According to the first and second alternatives, as shown in FIG. 10, it is first discriminated in step 180 if an upper/lower cassette switch signal is ON. If YES in step 180, it is discriminated in step 182 if a lower cassette select flag is set in the RAM. If YES in step 182, the lower cassette flag is reset in step 184 to switch to the upper cassette. In step 188, the cassette display ON-OFF flash flag is reset to terminate the flashing operation of the lamp.

If NO in step 180, it is discriminated in step 190 if a sheet mode switch signal is ON. If NO in step 190, since the sheet mode switch is open, the cassette display ON-OFF flash flag is reset in step 188 to terminate the flashing operation. If YES in step 190, it is discriminated in step 192 if a copy start flag is set. If YES in step 192, the cassette display ON-OFF flash flag is reset in step 188 to terminate the flasing operation. If NO in step 192, the flow advances to the next routine. According to the third alternative, the flow advances to the next routine. According to the third alternative, the flow advances as described with reference to FIG. 6. Thus, it is possible to resume the copying operation without resetting the original which is already fed to the exposure position.

FIG. 11 is a flowchart of an input routine of the cassette size information into the upper cassette size memory and the lower cassette size memory in the RAM. In step 200, the upper cassette sense signal at an output port SP is reset and the lower cassette sense signal is set to start inputting the upper cassette size information. It is then discriminated in step 202 if the signals (P0, P1 and P2) at the input port CP are data A as shown in FIG. 5. If YES in step 202, the data of B5 size is stored in the upper cassette size memory (the bit of B5 size is set) in step 204. If NO in step 202, it is discriminated in step 206 if the data at the input port CP is data B. If YES in step 206, the data of B4 size is stored in the upper cassette size memory in step 208. If NO in step 206, it is discriminated in step 210 if the data at the input port CP is data C. If YES in step 210, the A4 size data is stored in the upper cassette size memory in step 212. If NO in step 210, it is discriminated in step 214 if the data at the input port CP is data D. If YES in step 214, the data of A3 size is stored in the upper cassette size memory. If NO in step 214, it is judged that a cassette is not set in the upper stage, and all the bits of the upper cassette size memory are reset in step 218. In this manner, the size of the set cassette is discriminated according to the status of the signal at the input port CP, and a signal "1" is stored at the corresponding bit of the size bits (B5, B4, A4 and A3) of the upper cassette size memory.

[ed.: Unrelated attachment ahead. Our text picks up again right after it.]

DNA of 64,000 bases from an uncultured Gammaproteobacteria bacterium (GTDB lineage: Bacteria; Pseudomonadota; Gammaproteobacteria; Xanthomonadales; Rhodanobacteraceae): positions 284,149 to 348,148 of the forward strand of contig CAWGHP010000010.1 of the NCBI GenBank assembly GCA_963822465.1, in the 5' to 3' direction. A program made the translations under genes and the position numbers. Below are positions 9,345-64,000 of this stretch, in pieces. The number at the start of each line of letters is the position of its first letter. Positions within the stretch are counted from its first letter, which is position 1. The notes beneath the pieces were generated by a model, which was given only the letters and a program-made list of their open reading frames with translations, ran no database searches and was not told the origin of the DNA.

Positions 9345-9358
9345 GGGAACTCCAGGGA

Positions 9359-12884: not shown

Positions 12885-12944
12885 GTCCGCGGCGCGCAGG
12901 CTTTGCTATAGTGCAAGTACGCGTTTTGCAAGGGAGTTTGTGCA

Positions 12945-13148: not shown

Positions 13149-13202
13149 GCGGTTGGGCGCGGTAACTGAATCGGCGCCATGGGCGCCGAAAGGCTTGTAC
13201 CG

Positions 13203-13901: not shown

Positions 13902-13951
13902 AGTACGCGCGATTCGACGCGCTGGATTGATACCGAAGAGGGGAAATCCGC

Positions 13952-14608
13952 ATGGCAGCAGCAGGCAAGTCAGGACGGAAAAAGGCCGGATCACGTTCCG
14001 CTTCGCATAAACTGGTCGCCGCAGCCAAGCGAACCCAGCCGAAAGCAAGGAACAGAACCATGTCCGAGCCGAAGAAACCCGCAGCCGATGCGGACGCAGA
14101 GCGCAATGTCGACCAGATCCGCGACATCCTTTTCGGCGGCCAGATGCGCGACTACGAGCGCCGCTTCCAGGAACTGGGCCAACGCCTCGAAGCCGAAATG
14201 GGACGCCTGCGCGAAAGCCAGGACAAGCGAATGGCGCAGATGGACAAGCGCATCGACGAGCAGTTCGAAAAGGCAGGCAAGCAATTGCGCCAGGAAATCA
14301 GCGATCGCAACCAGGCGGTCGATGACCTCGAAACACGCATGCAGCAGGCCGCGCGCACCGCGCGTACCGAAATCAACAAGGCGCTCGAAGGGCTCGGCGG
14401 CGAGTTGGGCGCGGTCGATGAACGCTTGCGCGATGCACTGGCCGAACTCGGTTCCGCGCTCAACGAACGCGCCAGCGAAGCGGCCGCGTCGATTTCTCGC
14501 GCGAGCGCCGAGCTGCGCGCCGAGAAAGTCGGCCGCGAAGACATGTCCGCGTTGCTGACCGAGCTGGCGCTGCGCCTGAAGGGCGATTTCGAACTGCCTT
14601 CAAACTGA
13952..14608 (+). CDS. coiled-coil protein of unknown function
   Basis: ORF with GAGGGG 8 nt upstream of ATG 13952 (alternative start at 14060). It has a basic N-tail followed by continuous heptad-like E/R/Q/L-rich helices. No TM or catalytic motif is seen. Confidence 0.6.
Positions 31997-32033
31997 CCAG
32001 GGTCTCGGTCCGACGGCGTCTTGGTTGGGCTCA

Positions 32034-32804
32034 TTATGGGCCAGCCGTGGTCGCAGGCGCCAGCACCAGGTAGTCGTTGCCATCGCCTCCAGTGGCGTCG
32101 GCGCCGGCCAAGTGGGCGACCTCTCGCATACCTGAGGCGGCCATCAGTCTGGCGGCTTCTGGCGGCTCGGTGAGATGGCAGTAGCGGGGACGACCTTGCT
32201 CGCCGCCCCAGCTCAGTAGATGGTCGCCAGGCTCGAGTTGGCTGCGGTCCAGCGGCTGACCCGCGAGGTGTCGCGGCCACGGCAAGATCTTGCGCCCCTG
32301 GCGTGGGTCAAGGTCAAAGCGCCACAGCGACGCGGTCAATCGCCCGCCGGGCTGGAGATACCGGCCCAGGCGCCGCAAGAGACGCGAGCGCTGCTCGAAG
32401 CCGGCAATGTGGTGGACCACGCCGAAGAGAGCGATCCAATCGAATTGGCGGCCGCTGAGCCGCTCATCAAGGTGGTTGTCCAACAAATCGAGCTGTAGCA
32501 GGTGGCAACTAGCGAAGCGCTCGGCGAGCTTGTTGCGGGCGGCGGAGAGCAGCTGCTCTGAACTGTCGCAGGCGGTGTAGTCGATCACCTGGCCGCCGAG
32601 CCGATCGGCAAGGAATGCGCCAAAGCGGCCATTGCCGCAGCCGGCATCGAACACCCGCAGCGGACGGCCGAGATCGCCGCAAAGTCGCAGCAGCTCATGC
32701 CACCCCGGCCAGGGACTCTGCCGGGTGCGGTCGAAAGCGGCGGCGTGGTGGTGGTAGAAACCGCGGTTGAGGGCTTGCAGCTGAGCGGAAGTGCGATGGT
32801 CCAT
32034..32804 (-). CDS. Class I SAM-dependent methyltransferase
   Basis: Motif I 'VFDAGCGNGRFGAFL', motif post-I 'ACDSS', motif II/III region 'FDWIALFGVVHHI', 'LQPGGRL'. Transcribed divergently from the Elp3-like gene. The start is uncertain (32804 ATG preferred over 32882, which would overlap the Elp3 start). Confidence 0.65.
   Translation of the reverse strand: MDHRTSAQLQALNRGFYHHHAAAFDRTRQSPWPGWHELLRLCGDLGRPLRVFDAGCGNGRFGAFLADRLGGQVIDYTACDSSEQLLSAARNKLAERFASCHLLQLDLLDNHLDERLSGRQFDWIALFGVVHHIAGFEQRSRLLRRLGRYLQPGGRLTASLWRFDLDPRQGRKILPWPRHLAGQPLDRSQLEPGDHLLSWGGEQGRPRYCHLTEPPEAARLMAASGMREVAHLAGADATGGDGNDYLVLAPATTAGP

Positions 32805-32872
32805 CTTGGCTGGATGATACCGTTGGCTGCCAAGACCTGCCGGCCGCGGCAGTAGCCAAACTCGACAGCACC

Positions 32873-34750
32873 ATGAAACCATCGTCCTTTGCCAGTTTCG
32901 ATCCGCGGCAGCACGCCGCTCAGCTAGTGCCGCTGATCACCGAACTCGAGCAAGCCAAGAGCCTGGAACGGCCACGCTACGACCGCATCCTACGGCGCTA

In step 220, the upper cassette sense signal at the output port SP is set, and the lower cassette sense signal is reset to start inputting the lower cassette size information. It is first discriminated in step 222 if the signals (P0, P1 and P2) of the input port CP are data A (FIG. 5). If YES in step 222, the data of B5 size is stored in the lower cassette size memory in step 224. If NO in step 222, it is discriminated in step 226 if the data at the input port CP is data B. The similar procedure is repeated (steps 226 to 238) to complete inputting the cassette size information.